Strube 'right fit' as new Water Utilities director

Allison Strube has been promoted to Water Utilities director after a search that yielded 36 applicants. The appointment takes effect immediately.

San Angelo’s water utilities director is responsible for all operational and infrastructure matters related to water supplyproductiondistributionquality and conservation. The director is also responsible for wastewater treatmentutilities maintenance, billing and customer service.Allison Strube

“Everyone agrees water is San Angelo’s number-one issue,” Strube said. “Without it, our community can’t thrive the way we all want it to. Beyond ensuring San Angelo has an abundant water supply, Water Utilities is also striving to improve our water quality, our infrastructure’s reliability and the ease of our customer service. To be entrusted with these responsibilities is both a great honor and a welcome challenge. I’m committed to making a difference.”

Strube replaces Bill Riley, who retired Dec. 8. She had served as interim director since then and as the assistant director since 2015. 

“She’s extremely qualified and the right fit for this organization,” Public Works Executive Director Ricky Dickson said. “Allison understands our most pressing needs and issues, and the factors that influence those. Her work has earned her the respect and trust of her colleagues. All of that is important. It makes the transition seamless.”

Strube joined the City in 2012 as a project engineer in the Engineering Services Department. In that job, she designed system improvements and evaluated infrastructure issues related to water and sewer. She also managed Capital Improvements Plan projects and reviewed site development plans to ensure compliance with ordinances and other regulations.

As assistant director of Water Utilities, she assisted in administering department’s operations, including water treatment, reclamation and conservation; utility maintenance; and special projects. She evaluated capital plans, and recommended priorities and funding for infrastructure improvements.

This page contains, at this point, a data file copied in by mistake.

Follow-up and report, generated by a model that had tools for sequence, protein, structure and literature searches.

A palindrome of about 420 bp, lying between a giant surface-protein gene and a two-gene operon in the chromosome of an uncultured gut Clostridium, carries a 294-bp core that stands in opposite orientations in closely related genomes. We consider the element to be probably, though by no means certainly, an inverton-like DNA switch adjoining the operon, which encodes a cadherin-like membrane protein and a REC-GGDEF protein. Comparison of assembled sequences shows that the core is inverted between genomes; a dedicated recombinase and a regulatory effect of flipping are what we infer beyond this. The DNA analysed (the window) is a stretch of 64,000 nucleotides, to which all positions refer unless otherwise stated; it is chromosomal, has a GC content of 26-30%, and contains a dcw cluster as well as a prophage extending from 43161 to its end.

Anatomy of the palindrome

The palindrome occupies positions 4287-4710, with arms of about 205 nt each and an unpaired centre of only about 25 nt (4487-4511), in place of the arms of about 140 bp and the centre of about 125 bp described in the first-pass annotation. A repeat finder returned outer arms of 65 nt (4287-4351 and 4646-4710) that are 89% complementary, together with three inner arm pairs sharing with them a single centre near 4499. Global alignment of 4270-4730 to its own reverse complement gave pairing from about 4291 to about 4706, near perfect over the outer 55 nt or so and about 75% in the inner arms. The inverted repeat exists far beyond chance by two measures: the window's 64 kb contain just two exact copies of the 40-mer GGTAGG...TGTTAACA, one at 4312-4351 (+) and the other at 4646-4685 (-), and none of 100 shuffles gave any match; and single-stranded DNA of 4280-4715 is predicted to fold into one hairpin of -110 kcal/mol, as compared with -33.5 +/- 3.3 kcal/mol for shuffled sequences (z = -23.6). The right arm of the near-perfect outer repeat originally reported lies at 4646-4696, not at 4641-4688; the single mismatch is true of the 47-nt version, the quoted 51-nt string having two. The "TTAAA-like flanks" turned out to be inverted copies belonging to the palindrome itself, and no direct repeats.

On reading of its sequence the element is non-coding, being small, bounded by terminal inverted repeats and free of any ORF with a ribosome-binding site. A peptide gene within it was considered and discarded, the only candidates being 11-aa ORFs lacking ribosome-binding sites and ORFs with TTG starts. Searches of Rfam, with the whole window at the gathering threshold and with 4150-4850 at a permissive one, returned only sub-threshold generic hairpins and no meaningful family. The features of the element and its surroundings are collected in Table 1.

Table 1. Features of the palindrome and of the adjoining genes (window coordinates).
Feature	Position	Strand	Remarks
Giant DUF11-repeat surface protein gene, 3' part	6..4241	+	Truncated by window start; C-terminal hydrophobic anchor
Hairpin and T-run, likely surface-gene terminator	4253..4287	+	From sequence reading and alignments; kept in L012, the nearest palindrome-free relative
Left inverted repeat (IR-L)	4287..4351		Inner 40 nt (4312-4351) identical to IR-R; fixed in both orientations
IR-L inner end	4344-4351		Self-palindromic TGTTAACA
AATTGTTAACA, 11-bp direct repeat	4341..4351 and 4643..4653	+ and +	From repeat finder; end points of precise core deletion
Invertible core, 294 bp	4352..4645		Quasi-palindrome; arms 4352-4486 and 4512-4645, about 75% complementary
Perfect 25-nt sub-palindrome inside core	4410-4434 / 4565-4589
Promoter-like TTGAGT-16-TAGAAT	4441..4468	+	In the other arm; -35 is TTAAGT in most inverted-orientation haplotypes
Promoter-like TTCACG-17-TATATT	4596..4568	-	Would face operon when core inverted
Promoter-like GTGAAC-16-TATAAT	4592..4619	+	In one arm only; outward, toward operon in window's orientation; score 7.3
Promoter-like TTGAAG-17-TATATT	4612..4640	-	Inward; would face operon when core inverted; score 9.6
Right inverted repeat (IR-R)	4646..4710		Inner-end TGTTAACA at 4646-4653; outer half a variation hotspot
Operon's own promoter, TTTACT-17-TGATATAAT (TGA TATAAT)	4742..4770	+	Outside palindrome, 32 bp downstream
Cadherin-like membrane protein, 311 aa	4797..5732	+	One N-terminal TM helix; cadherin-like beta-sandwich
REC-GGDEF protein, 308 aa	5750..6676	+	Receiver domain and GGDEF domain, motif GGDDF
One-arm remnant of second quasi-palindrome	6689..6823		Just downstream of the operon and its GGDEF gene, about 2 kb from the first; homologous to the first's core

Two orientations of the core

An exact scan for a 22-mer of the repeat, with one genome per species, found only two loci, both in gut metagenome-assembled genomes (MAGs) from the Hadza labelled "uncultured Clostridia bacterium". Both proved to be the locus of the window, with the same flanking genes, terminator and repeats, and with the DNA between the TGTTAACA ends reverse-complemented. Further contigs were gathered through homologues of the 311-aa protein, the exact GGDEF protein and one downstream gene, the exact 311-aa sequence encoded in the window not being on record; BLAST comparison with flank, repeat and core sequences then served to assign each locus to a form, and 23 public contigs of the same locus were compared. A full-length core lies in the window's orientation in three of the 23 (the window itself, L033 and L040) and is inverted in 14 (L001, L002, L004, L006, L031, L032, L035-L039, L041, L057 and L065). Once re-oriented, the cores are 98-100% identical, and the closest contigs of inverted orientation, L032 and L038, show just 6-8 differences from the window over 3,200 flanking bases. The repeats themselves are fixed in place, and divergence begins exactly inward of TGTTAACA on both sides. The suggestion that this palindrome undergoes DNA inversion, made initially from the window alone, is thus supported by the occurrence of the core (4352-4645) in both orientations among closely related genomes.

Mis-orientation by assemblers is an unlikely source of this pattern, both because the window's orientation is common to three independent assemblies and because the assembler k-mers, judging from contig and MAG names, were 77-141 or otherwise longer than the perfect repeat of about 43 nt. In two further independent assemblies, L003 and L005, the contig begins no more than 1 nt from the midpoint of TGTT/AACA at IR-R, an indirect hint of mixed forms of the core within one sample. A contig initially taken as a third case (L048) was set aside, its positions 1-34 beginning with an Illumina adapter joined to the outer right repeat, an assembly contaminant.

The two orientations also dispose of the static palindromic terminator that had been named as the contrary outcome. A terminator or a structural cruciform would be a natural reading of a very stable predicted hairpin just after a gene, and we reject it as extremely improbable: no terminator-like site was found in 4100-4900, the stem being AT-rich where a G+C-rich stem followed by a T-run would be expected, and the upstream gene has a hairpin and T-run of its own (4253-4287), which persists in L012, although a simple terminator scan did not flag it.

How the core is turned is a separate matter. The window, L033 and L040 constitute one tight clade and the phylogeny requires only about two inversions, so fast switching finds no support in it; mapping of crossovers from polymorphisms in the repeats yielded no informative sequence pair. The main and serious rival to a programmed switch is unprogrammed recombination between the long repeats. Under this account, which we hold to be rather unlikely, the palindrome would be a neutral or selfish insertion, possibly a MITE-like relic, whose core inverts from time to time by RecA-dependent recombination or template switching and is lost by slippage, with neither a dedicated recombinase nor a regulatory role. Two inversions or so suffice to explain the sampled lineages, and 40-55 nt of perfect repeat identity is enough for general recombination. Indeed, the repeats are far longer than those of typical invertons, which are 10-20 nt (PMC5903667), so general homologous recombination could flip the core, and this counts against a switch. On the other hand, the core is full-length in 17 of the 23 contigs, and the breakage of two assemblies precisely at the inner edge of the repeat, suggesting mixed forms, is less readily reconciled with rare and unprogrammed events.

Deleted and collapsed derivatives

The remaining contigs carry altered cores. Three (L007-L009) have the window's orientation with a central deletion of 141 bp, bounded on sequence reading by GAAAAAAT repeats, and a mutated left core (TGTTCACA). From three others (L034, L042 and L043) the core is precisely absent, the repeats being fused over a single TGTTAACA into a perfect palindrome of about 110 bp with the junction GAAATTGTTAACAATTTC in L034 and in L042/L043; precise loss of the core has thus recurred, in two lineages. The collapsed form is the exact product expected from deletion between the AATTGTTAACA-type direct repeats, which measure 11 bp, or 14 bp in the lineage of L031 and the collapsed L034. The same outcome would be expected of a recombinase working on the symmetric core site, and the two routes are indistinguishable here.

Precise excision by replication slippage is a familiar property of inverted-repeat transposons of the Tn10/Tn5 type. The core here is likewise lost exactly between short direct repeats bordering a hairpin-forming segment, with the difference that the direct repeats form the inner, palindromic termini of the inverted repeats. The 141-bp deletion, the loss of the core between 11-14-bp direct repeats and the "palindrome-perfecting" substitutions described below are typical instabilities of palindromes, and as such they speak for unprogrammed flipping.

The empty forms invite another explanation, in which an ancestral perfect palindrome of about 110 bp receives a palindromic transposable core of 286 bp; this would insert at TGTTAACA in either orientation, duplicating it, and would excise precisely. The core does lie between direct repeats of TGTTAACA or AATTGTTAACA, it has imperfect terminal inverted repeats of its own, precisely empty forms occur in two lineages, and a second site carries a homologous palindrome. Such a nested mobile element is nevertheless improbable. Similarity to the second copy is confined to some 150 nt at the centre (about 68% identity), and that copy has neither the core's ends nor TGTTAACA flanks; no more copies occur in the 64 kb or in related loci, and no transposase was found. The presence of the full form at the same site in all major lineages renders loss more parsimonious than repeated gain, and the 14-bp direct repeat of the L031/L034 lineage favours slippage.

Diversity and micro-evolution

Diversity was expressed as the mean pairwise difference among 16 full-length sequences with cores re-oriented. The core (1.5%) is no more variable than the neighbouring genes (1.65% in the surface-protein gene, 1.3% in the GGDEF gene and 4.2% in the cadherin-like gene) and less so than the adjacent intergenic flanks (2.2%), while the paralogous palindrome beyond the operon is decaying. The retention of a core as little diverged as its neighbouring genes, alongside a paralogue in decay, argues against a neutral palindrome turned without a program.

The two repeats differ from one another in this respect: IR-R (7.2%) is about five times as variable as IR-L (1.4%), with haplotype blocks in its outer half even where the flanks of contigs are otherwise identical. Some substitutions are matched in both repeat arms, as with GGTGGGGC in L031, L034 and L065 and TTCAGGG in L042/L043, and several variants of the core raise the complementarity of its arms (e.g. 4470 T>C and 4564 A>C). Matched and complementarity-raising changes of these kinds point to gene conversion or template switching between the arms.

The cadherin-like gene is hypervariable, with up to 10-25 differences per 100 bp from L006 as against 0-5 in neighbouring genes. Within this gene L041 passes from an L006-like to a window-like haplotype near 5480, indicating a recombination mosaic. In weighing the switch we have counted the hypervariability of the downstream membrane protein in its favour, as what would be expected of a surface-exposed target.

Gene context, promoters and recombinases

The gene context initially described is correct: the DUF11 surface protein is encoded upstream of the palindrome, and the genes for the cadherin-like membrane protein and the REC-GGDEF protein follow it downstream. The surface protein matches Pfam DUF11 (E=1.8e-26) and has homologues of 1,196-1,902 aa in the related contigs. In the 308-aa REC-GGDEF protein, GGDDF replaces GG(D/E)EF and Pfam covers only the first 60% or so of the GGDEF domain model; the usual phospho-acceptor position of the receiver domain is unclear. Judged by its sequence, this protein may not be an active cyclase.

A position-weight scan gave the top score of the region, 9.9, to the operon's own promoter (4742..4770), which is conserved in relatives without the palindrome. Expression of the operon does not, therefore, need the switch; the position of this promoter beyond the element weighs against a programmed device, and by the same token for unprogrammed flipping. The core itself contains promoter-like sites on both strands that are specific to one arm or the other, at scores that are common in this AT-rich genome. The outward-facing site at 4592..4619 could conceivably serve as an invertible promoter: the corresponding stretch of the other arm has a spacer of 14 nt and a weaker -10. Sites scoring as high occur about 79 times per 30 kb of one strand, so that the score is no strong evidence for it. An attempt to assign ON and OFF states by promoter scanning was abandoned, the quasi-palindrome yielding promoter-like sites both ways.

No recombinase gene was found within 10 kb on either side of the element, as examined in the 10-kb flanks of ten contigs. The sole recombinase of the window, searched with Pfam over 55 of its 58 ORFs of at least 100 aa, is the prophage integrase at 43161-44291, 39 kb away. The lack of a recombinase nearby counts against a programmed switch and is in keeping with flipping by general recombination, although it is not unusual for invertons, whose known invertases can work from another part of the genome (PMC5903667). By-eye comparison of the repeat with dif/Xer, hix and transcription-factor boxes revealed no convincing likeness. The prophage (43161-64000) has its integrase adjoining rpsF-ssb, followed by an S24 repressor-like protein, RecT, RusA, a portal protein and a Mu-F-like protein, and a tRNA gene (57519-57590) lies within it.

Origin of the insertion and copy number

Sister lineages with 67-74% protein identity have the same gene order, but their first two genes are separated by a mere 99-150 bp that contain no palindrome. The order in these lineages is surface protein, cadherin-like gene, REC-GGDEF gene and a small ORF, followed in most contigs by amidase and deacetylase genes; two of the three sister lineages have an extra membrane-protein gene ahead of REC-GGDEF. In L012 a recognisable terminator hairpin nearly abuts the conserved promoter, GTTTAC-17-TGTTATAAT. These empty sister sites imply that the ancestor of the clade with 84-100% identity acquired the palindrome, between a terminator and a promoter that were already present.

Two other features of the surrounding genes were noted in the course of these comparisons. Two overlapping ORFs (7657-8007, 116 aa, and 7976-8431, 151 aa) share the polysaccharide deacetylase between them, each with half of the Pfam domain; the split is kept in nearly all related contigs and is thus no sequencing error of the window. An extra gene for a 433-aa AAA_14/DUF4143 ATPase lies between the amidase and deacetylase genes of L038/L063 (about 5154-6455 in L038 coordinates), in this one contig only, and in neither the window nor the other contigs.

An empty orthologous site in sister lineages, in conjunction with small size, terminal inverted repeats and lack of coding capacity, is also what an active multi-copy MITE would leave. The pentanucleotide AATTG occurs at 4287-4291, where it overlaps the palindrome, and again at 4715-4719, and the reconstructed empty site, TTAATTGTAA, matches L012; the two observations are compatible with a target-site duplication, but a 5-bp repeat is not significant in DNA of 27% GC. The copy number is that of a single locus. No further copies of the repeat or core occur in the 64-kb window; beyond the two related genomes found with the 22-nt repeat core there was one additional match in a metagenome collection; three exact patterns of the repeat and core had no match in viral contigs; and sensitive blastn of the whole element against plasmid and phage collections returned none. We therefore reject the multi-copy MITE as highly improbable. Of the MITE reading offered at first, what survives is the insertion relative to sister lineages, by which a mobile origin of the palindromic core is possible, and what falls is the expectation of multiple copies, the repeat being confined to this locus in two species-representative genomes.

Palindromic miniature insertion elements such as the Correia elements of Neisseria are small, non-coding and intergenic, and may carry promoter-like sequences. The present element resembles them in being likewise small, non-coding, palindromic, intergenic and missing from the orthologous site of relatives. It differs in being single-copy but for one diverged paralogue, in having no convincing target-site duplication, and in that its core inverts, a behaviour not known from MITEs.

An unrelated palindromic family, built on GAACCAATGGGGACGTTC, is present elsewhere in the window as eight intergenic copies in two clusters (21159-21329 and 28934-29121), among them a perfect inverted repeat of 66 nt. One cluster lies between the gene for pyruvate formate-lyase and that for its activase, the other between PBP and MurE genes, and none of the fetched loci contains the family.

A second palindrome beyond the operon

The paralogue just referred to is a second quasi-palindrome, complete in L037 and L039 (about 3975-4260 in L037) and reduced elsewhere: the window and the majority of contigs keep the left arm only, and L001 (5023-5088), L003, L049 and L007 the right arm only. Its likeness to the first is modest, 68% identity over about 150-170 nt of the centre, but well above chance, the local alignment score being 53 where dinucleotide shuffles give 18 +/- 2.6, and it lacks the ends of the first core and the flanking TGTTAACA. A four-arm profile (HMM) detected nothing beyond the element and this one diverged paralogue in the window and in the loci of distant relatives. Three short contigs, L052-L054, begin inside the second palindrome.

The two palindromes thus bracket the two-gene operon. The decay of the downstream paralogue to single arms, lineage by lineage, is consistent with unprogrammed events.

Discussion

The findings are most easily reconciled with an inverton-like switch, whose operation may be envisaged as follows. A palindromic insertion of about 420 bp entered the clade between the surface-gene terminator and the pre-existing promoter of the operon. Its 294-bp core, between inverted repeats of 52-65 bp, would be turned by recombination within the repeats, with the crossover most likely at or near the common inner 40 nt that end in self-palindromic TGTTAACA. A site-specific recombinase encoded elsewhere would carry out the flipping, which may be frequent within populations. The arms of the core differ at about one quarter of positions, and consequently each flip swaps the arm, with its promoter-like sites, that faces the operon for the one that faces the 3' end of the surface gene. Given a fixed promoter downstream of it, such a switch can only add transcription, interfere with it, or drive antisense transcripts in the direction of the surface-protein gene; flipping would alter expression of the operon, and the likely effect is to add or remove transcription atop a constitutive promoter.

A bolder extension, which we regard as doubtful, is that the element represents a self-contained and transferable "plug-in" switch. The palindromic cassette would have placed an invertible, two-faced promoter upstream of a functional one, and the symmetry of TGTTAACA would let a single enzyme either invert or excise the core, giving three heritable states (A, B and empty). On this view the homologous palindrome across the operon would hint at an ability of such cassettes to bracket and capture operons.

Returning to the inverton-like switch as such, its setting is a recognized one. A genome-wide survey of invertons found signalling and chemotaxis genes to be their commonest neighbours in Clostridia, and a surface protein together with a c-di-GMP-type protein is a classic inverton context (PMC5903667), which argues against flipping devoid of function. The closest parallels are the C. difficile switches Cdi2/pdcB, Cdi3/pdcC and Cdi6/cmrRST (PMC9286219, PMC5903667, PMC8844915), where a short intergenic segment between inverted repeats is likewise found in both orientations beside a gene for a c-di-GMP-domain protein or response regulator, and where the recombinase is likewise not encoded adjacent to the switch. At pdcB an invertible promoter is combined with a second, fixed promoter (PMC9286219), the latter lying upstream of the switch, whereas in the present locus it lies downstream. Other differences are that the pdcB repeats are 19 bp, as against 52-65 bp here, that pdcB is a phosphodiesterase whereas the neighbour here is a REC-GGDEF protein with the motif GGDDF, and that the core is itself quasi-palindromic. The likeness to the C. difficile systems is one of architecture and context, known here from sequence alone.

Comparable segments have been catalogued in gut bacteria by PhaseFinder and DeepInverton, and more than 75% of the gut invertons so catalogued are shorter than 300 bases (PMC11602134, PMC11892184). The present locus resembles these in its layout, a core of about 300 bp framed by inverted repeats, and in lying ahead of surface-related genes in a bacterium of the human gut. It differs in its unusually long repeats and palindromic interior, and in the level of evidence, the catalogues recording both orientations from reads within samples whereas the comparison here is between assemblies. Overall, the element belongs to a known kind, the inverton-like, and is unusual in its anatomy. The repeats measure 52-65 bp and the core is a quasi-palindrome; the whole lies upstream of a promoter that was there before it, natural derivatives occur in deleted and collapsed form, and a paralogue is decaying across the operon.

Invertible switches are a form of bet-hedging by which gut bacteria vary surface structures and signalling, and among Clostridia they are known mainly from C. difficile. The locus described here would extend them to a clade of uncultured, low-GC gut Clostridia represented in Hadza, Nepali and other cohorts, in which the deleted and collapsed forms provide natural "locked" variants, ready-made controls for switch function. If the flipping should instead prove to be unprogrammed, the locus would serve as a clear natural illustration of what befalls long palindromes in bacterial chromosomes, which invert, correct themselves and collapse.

Strube previously worked as a product engineer for Martifer-Hirschfeld Energy Systems. She graduated summa cum laude with a bachelor’s degree in civil engineering from Texas Tech University, and is a licensed Professional Engineer in Texas.

The job opening for assistant director of Water Utilities will soon be posted on the City’s website at cosatx.us/jobs.

Current drought level

The City is in standard conservation, which restricts outside watering to once every seven days at any time of day and no more than 1 inch per week. Runoff of more than 150 feet down any street, gutter, alley or ditch is also prohibited. 

Report watering violations by clicking on this link or calling 325-657-4409. For more information, go to cosatx.us/water. Do your part; be water smart! 

Water Production

Water Production is responsible for producing high-quality drinking water that meets safe drinking water standards and in sufficient quantities to supply the needs of the citizens and businesses of San Angelo. This is done by operating raw water supply facilities, treating the potable water supply and operating high service and remote pumping stations and tanks. 

The City of San Angelo has five raw surface water sources: O.H. Ivie Reservoir, Lake Spence, O.C. Fisher Reservoir, Twin Buttes Reservoir and Lake Nasworthy. 

The Hickory Aquifer is a supplementary source in McCulloch County. The infrastructure to transport and treat that groundwater is fully operational.

There are approximately 70 miles of pipeline from Ivie Reservoir to San Angelo's water treatment facility. The City receives between 9 million and 30 million gallons of water per day from Ivie.  

The City of San Angelo has five continuous pumping water towers. Two of these are ground storage tanks and three are elevated storage tanks. 
 

Ground storage tanks are: 

  • Southwest - holds approximately 9.4 million gallons.
  • Abilene - holds approximately 3.5 million gallons.

Elevated storage tanks are:   

  • Loop - holds approximately 1 million gallons and is classified as a low-pressure elevated storage tank.
  • Lakeview - holds approximately 1.25 million gallons.
  • Bluffs - capacity 2 million gallons.